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The Lone Ranger (1956)

6.9
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Ratings: 6.9/10 from 526 users  
Reviews: 11 user | 3 critic

Kilgore to mine silver on Indian land. The mountain he wants is sacred to the Indians.

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Title: The Lone Ranger (1956)

The Lone Ranger (1956) on IMDb 6.9/10

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Cast

Complete credited cast:
...
...
...
Reece Kilgore
...
Welcome Kilgore
...
Pete Ramirez
...
Cassidy (as Robert Wilke)
John Pickard ...
Sheriff Sam Kimberley
...
Lila Kilgore
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Angry Horse
...
Chief Red Hawk (as Frank deKova)
Charles Meredith ...
Governor
Mickey Simpson ...
Powder
Zon Murray ...
Goss
Lane Chandler ...
Chip Walker
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Storyline

Kilgore to mine silver on Indian land. The mountain he wants is sacred to the Indians. Written by Ed Stephan <stephan@cc.wwu.edu>

Plot Summary | Add Synopsis

Taglines:

"Hi-Yo, Silver! Away!" See more »

Genres:

Adventure | Western

Certificate:

Approved | See all certifications »
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Details

Country:

Language:

Release Date:

25 February 1956 (USA)  »

Also Known As:

The Lone Ranger  »

Filming Locations:

 »

Company Credits

Production Co:

 »
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Technical Specs

Runtime:

Sound Mix:

(RCA Sound Recording)

Color:

(WarnerColor)

Aspect Ratio:

1.85 : 1
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Did You Know?

Trivia

In 1947, Bonita Granville married producer Jack Wrather, who became the longtime producer of the "Lone Ranger" TV series and films. Following this movie, Granville retired from acting to become a producer on the long running "Lassie" TV series. Her final film appearance was a cameo in The Legend of the Lone Ranger (1981), also produced by Wrather. See more »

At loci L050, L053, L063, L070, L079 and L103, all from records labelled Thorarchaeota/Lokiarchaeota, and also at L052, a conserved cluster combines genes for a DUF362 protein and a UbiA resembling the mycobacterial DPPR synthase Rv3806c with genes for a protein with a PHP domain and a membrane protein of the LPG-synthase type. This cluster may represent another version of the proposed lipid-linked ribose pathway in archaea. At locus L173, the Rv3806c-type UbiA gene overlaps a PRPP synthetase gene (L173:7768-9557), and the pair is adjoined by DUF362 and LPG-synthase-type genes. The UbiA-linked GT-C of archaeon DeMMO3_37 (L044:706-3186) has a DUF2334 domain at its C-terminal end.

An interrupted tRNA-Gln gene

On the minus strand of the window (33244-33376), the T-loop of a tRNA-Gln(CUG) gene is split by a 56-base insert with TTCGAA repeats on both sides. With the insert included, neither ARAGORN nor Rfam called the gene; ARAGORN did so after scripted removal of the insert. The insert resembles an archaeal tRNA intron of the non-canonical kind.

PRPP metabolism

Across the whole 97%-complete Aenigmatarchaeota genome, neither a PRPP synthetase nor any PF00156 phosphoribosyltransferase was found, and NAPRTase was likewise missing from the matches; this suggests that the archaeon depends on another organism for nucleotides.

Goofs

The desert scenes feature shots of tall saguaro cactus. The film is set in Texas, an area in which saguaro cactci are not found (they're mostly in Arizona and New Mexico). See more »

Quotes

The Lone Ranger: Tonto, keep out of trouble.
Tonto: Trouble find Tonto even when him not look for it.
See more »

Connections

Featured in Dog Day Afternoon (1975) See more »

Soundtracks

William Tell Overture
(uncredited)
Written by Gioachino Rossini
[Played over the opening credits and reprised at the end]
See more »

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User Reviews

 
....and a Hearty Hi-Ho Silver, The Lone Ranger
8 September 2003 | by (Ottawa, Ontario, Canada) – See all my reviews

"The Lone Ranger" was the first of two feature films made in the 50s starring Clayton Moore as The Lone Ranger and Jay Silverheels as Tonto. It was of course, based on the long running TV series that began in 1949 and ended in 1957. It was produced by Jack Wrather who also produced the TV series.

Essentially a "B+" western it is nonetheless a well mounted production. It was made by Warner Brothers and is as good as any of the Randolph Scott westerns made by the studio at that time. Being a major studio production, it was filmed in color and Wrather was able to hire an above average supporting cast.

The story briefly, involves big time rancher Reese Kilgore (Lyle Bettger) trying to incite a war with the local Indian tribe on whose reservation a mountain of silver is located. The Masked Man and his faithful Indian companion ride in to try and prevent the conflict.

Moore and Silverheels, who had been around the "B" movie scene since the late 30s, play their parts pretty much the way they did on TV but with a little more edge. Moore has a knock down drag out fight with the Indian warrior Angry Horse (Michael Ansara) who is trying to take control of the tribe from sickly Chief Red Hawk (Frank DeKova). Tonto meanwhile, is beaten up by Kilgore's thugs (Robert J. Wilke, Mickey Simpson, Zon Murray). And the boys even get to gun down a couple of the bad guys. And, The Lone Ranger even gets wounded only to make a remarkable recovery. And oh yes, Moore also gets don the disguise of the old prospector again as he did several times in the TV series.

In addition to those mentioned, the supporting cast also includes Bonita Granville (wife of Producer Wrather) as Bettger's wife, Beverly Washburn as their daughter, John Pickard as the Sheriff, Perry Lopez as Pete Ramerez and Kermit Maynard and William Schallert in smaller parts.

The movie is not as corny as the TV series and turns out to be an entertaining western.


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